Maine people will pay for the redundant generation and the unnecessary transmission build-up, but the electricity will be shipped to the south.

While paying for wasteful infrastructure is bad enough, we will pay extra for the irreversible impact on Maine’s tourism industry. We have been investing heavily to attract visitors to the state, but our policy makers have greased the skids for developers who propose to ruin the very natural beauty that attracts visitors here in the first place. All to accommodate a power source that does no good here in Maine.

Do you remember the last time your electricity bill went down? By subsidizing wind developers, you rest assured it will only go up. Read the article in the Press Herald, and ask yourself if this makes any sense.

Record Hill Wind Project: A Big Loser for Yale

Additional Threats From Connecticut Looming

Record Hill finally filed its 2nd quarter 2016 report with the Federal Energy Regulatory Commission this week.

The project, constructed with a taxpayer subsidy of more than $100 million, and sold to ratepayers by Angus King before he became a US Senator, was underwritten by Yale University, in its "quest to be to be the world's greenest university."

The Connecticut school boasts that it bought Record Hill to "provide a meaningful economic return to the Endowment while helping the University achieve its sustainability goals."

Aren't those Ivy League folks supposed to be smart?

For the quarter, the Byron & Roxbury, Maine project's average energy price was a paltry $21.11 per megawatt/hour. (That's 2.1 cents per kilowatt/hour.)

Its capacity Factor was merely 24.4%. (This effectively means that three days out of four it doesn't work.)

Total Energy and Capacity Revenues (it's a travesty that we waste capacity payments on wind projects) were $740,000 for the quarter.

This is a serious cash shortfall, considering Record Hill's estimated quarterly debt service is $1.8 million.

Could be interesting when Yale’s investment committee reviews the project’s "sustainability" and "meaningful economic return."

Residents around Ellis Pond, Appalachian Trail hikers, as well as motorists on Maine Scenic Byway Route 17 between Rumford and Rangely, are stuck with a massive industrial eyesore that does nothing to save the planet.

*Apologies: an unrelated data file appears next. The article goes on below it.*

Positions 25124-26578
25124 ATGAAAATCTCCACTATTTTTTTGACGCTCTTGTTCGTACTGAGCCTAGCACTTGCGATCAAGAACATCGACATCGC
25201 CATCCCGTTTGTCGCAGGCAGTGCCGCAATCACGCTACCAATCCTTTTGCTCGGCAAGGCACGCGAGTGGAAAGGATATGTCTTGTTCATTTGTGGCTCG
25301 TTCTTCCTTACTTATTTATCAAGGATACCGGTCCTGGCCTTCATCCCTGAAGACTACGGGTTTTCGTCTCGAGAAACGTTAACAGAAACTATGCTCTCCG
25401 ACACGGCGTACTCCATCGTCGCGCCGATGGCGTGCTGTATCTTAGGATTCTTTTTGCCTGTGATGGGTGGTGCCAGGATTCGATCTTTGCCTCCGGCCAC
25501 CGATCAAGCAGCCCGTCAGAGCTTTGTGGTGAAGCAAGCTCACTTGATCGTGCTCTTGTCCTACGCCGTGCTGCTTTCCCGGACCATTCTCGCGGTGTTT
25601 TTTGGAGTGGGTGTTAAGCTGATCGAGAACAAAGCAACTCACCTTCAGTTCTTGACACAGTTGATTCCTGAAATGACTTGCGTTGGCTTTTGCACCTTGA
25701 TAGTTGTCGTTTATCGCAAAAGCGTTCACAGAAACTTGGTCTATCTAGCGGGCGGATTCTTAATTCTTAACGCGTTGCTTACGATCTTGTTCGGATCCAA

Meanwhile, Connecticut continues plotting to ruin many more Maine mountains as the "Clean Energy RFP" progresses. Rest assured that the bidders in the RFP cannot survive if they win government-mandated contracts at 2 or 3 cents per kilowatt/hour. 

Not unlike those well-educated people at Yale, perhaps we have not learned our lessons. Nobody will know what a bad deal the RFP is until AFTER the contracts have been signed: "Final results of the RFP will be announced to the public when executed contracts are filed for regulatory review." 

Last week Friends of Maine's Mountains had a meeting with Governor Paul LePage to warn him about the Clean Energy RFP's potential impact on Maine's economy and environment.  Over 2000 megawatts of Maine-based wind development has been bid in the RFP.  In the meeting we urged Maine's Chief Executive to use his influence in Connecticut, Massachusetts, and Rhode Island to discourage overpriced contracts that could be mandated by the public utilities commissions in those RFP states.

FMM will continue to monitor the process, and we will oppose all Maine wind projects that eventually emerge from the RFP. 



SunEdison Bankruptcy Update

September is a big month for SunEdison, TerraForm Power, and TerraForm Global (SUNE, TERP, GLBL) as the lawyers continue to wrangle over what remains of last year's energy darling.

SUNE has received offers and/or locked up “Stalking Horse” agreements for over 90% of its pipeline and portfolio. Auctions are scheduled for both the Stalking Horse bids and SUNE’s ownership of TERP and GLBL (including Class B shares with 10 to 1 voting rights superiority) before the end of the month. SUNE’s advisors state that the awarding of winning bids will take only 3-4 business days following the auctions. D.E. Shaw, Madison Dearborn, Appaloosa Capital (in partnership with Canadian Brookfield Asset Management) and an unnamed Chinese energy firm are said to have the most interest in acquiring the subs. All sales of no-bid project assets previously approved by the Court are expected to close during September.